Connecting With Our Audience: The paradox of living in a world of 24/7 connectivity is that it has made it harder for mass marketers to find their audience. Twenty years ago, the average American household had access to 28 TV channels. Today, Americans have 165. And while TV still dominates, according to Nielsen, 55% of global respondents say video programs are an important part of their lives. The way audiences are connecting with content is changing. How do we connect with consumers in a meaningful way?

What is one behavior or trait you have seen impede leaders’ careers?
Not trusting your subject matter experts. You learn so much when you listen to the smart people around you. My philosophy is: “Listen. Learn. Lead.” It is crucial that leaders have a vision, but it’s equally crucial that they be open to input from their team as to how to get there. Business success is about getting results, not credit. And when you focus on that, you learn to listen to subject matter experts who know how to get results in their area. As Harry Truman once said, “It is amazing what you can accomplish if you do not care who gets the credit.”

Tell us about a pivotal moment in your career:
Just at the point where I felt like I was gaining traction in my career, I was moved from a brand that was considered a golden child in our company’s portfolio to one that was viewed more as a stepchild. I literally felt like I was being put in the penalty box. There were lots of things that were broken in the business and in the culture. I knew that if we had any chance at succeeding, things had to change – and we had to become a team to change them. Along the way, mistakes were made – one big enough that put me in front of the president of the company to explain it. When he asked who was responsible I answered, “No one, we did this as a team.” If anyone was to blame, as team leader, it was me.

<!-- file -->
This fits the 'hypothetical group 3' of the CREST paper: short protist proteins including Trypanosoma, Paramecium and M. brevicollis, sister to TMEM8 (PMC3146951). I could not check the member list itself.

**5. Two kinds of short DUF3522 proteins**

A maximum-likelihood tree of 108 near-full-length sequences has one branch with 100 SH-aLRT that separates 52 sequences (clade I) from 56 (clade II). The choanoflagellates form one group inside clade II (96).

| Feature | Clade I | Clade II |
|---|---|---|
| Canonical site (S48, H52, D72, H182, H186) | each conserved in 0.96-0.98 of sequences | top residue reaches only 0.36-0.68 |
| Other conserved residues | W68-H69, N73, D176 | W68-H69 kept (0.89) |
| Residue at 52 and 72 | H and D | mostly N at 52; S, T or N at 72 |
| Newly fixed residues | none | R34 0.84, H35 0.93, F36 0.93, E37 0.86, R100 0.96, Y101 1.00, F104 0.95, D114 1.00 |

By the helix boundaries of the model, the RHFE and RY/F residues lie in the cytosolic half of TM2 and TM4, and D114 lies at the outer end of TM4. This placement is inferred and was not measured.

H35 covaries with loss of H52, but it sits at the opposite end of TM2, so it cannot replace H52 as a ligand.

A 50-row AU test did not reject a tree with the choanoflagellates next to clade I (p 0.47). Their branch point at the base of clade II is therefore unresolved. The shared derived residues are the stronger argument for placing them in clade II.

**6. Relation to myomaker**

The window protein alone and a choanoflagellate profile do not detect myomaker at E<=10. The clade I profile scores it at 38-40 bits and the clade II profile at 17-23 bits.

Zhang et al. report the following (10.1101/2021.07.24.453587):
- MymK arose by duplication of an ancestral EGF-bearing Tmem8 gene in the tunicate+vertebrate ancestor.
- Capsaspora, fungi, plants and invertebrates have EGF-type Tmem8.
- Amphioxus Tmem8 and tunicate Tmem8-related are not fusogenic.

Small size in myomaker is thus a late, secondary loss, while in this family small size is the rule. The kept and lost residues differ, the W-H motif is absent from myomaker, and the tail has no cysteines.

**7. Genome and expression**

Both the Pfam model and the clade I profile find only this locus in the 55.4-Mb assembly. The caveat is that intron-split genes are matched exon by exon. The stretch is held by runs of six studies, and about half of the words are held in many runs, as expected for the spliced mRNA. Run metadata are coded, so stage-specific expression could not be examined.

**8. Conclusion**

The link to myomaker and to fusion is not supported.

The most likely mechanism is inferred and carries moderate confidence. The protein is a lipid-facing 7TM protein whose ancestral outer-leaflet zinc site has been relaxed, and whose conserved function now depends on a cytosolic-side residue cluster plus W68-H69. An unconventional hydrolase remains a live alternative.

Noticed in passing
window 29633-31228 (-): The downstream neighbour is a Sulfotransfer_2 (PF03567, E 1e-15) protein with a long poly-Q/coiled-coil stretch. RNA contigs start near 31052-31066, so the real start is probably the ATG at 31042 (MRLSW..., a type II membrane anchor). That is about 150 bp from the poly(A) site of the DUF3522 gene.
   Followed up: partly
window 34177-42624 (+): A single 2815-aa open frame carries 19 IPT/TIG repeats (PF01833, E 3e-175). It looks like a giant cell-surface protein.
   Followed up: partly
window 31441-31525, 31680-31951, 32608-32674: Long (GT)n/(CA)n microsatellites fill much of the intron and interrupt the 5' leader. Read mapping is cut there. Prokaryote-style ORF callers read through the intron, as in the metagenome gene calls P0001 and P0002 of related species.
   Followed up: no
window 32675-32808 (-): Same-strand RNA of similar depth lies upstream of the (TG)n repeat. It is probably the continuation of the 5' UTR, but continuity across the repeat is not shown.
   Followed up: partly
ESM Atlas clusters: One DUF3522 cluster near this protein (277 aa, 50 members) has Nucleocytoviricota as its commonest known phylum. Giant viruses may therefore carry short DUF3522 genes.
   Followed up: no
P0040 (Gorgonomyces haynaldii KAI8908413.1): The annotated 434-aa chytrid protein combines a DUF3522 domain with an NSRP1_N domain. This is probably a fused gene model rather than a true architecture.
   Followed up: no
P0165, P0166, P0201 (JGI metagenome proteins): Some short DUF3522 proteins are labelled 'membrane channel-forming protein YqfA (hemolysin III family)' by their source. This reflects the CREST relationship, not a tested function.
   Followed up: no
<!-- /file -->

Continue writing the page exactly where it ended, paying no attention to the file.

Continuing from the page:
I learned two things as a result of that assignment. First, life is a journey, not a destination. It’s good to have a career plan, but be open for some unplanned opportunities. If we get too narrowly focused on the destination, we may miss potential growth along the way. And second, in business and in life, we win as a team and we lose as a team. No one person can do it all alone.

What are you grateful for today (business or personal)? Why?
At the top of my list is my family. I have a great husband and wonderful sons who I know will always be on my side and by my side wherever the road may take us. Their love gives me courage and confidence. I also feel blessed to have a strong support system of friends, colleagues and mentors who both inspire me and keep me grounded through good times and bad.

Who’s your favorite business speaker or author? Why?
Malcolm Gladwell has always impressed me. I’ve seen him speak several times and he always passes along valuable information without using fancy graphics or a single graph. Instead he tells stories – stories that make you think and ultimately see things differently.

Image: Nina Leigh Krueger with her canine family at Nestle Purina Petcare. (Photo © Whitney Curtis)